Something strange happened over the course of the last few years. I began to hate cafe builds.
I know, you would think they would be right up my alley. Maybe I just got tagged in one too many Instagram pics of some dude's "build" that consisted of a Triumph Bonneville with British Customs bolt-on parts, but somewhere along the way I just stopped caring. However, once or twice a year, someone builds one that's so beautiful and looks like so much fun to ride, I forget I hate them and they remind me how cool custom bikes can be.
With that said, I present the Mighty Motor Bavarian Scrambler.
About the builders
The Mighty Motor is a blog started by LA-based designer Shaik Ridzwan and Overland Journal Creative Director Sinuhe Xavier. Their site covers a wide variety of cool bike builds, events, and adventures the guys get to participate in given their other endeavors. Along with The Bullitt Blog, it's the only site of this sort I actually follow, because they create a lot of original content and don't just re-hash stuff, like your average Tumblr account.
The story goes like this: Shaik was hanging out with his friend (and master builder) Max Hazan, bitching about the current state of motorcycles, as most guys into bikes of this sort normally do, and they started kicking around the idea of a build. Max's builds would normally be considered "show builds," and the idea of doing something so useful interested him, especially given Shaik's taste and talents as a designer. Shaik found the donor bike completely stock and started drawing.
With the Dakar R80/GS as aesthetic inspiration, the guys wanted to keep the performance fairly similar to a stock bike, to keep it useful. The idea was to engage people visually, but still actually enjoy riding the thing on a regular basis.
About the bike
The bike started as a 1991 BMW R100R, which Shaik found completely stock. God bless the Internet.
The tank, fork, instrument panel, and brakes are all original. Most of the changes were done to cut weight or to improve engine performance. A set of 36 mm Dell'Orto carbs replaced the stock, 32 mm Bings, and the airbox was tossed in favor of race foam filters. Shaik drew the designs for the completely custom-fabbed exhaust that Max created, which uses the existing headers, but runs the pipes to the opposite side of the single-sided swingarm to keep some visual balance. They are then finished with Supertrapp end caps.
The subframe was made completely from scratch, as well, because they wanted a higher and slightly more forward seating position to make the bike more comfortable, and to make the transition from sitting to standing easier. The boys shaved countless tabs and brackets from the frame and moved the battery to where the stock air-box used to live, for a total weight savings in the neighborhood of 45 pounds.
One of the first things I noticed was the beautiful leather seat, which was actually made from the perforated leather from an old Mercedes Benz seat. I know, the hipster is strong with this one, but the result is gorgeous.
To keep with the Scrambler motif, the bike got Pirelli MT90AT dual-sport tires, a rear rack, and a custom-built and easily removable metal pannier for carrying spare gas canisters and some tools.
The pannier is a work of true beauty. The guys wanted to pay a little homage to the GS, as a utilitarian bike. Plus, it's a nice place for some tools and a beer for a Sunday ride to the beach. They didn't want an ugly mounting bracket for the times the pannier was off the bike, so they modified two bicycle quick release attachments and attached them to the subframe, where they wouldn't be noticed.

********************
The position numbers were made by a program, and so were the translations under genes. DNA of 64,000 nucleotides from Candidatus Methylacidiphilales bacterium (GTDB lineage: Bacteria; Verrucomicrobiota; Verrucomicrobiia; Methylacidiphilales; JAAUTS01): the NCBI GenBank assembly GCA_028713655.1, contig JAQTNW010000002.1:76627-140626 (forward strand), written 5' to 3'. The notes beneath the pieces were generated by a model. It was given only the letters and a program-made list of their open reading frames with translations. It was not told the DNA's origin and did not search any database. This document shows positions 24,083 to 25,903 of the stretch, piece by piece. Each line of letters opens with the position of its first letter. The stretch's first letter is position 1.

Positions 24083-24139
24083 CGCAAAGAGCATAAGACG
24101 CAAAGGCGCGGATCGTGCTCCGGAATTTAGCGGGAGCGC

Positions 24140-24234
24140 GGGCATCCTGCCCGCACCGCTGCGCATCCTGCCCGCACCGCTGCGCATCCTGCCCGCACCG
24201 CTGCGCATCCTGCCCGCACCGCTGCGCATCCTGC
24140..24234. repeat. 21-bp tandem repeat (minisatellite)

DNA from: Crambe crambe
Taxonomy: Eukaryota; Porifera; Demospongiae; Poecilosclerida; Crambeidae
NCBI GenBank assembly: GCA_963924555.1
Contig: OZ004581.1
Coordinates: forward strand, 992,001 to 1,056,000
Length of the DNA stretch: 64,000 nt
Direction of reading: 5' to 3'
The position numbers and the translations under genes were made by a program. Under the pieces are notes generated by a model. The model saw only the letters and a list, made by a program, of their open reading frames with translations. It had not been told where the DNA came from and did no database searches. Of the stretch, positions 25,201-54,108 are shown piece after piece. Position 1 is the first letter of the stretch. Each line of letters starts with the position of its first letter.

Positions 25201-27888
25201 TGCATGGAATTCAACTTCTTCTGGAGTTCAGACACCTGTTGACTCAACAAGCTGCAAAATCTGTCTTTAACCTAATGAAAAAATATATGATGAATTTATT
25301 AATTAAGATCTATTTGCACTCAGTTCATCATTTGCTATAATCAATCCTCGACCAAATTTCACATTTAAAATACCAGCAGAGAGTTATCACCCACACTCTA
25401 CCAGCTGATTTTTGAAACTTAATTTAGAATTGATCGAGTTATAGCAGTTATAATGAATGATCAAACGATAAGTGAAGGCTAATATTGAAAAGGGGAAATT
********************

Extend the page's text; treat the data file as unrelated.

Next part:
Riding the Bavarian Scrambler
"Scrambler" is a very interesting term, and is one we see thrown on pretty much any retro-styled bike with semi-knobby tires on it. Obviously, the Bavarian Scrambler isn't going to have the plush suspension of our Honda XR650L long-termer, or any of the current dual-sports found on dealer floors, but for a bike more than two decades old, this thing is pretty capable of tearing up a fire road or two. Short of fire roads and time, I took the bike down into the Los Angeles River, where the lack of traction is provided by seaweed, debris, and whatever mutants are growing down there.
The stock R100R made about 60 horsepower and weighed 480 pounds. The Bavarian Scrambler comes in at about 430 pounds and 70 horsepower, and, when paired with a more dirt-bike-like riding position, makes for quite a fun motorcycle to ride. They managed to keep enough of that "old BMW" feel, the way the engine sort of chugs along at idle and shimmies as you get on the gas, and combine it with performance capable of keeping up with 2014 traffic.
Outside of the stiff suspension, I was incredibly impressed with riding the Mighty Motor Scrambler. The guys did a great job at chopping off unnecessary bits, and the bike felt both lighter and more narrow than other classic BMWs I've ridden. The exhaust and new carbs provided responsive performance that made spinning the rear tire around the riverbed fun to no end.
In my opinion, the only really good reason to build a custom bike is to make something that rides how you want, while also looking how you want... or to sell it to someone to make money. Roland Sands is my favorite builder at the moment because almost all his builds have me half terrified and half curious about what they would be like to ride.
As soon as I saw the Bavarian Scrambler, I knew that getting some beauty shots of the bike and learning about its roots were never going to be enough. Part of my criteria for what makes a build interesting is that it has to make me want to ride it. This one did, and that's why it's one cafe build I don't hate at all.